New Component: streamlit-webrtc, a new way to deal with real-time media streams

Hello everyone,

I made streamlit-webrtc, which sends and receives video (and audio, but it’s only partially supported now) streams between frontend and backend via WebRTC.
This should be helpful for creating, for example, performant real-time computer vision WebApps.

This week I tried Steamlit, found it interesting and useful, and then wanted to run real-time computer vision apps on Streamlit, on which users can try some computer vision models with video input from their webcams.
So I tried to develop a component to achieve it using WebRTC. Fortunately, there is a great WebRTC library for Python, aiortc.

One interesting thing about this component is that the input video streams are sourced from users’ webcams and transferred to the server-side Python process via the network. Therefore, the server does not need the access to the camera, unlike the usual approach using OpenCV (cv2.VideoCapture). It means the Python code can be hosted on a remote server (actually, I hosted a sample app on Heroku and it worked, as stated below).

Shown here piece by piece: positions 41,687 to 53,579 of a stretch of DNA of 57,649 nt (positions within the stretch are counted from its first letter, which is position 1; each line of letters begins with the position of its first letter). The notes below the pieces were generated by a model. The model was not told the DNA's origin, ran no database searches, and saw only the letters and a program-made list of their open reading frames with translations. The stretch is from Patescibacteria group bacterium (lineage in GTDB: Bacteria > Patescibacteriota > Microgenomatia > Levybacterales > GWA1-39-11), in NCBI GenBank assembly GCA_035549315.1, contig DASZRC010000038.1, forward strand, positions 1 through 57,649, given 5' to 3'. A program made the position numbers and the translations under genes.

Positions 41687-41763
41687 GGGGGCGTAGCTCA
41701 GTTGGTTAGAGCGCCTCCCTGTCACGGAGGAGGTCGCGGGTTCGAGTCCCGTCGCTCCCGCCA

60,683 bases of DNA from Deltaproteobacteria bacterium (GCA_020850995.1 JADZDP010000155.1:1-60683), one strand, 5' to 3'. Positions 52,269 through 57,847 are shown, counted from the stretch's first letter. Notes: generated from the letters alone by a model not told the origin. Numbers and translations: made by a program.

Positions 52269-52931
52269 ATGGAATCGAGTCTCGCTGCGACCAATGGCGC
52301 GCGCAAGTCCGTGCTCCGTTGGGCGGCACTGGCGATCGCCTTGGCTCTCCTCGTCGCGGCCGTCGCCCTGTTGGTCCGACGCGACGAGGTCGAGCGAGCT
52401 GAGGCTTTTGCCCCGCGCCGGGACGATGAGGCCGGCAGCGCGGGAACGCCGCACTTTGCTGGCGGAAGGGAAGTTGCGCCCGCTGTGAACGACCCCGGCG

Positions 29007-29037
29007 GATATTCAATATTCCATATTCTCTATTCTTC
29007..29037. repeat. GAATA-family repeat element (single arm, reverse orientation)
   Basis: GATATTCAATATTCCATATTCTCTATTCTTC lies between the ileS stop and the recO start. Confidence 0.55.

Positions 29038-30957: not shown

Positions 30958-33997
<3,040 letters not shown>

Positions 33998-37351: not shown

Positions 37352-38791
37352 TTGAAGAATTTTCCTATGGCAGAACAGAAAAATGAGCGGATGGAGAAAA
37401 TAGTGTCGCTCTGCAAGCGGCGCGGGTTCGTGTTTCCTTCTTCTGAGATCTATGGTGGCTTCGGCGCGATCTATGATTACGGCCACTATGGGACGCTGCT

In addition, WebRTC provides good performance with sending and receiving video/audio frames.

Here is a demo movie:


(A full version is hosted on YouTube)

You can see

  • The app consumes, processes, and renders video frames in real time.
  • Streamlit’s interactive controls are still working well in combination with the code using WebRTC. For example, the threshold for object detection is changed interactively during execution.

You can try out the sample app using the following commands.

$ pip install streamlit-webrtc opencv-python
$ streamlit run https://raw.githubusercontent.com/whitphx/streamlit-webrtc-example/main/app.py

I also deployed it to Heroku, https://streamlit-webrtc-example.herokuapp.com/ and confirmed it worked; however, it’s running on a very small instance on a free plan, and may not work well if multiple users access it at the same time.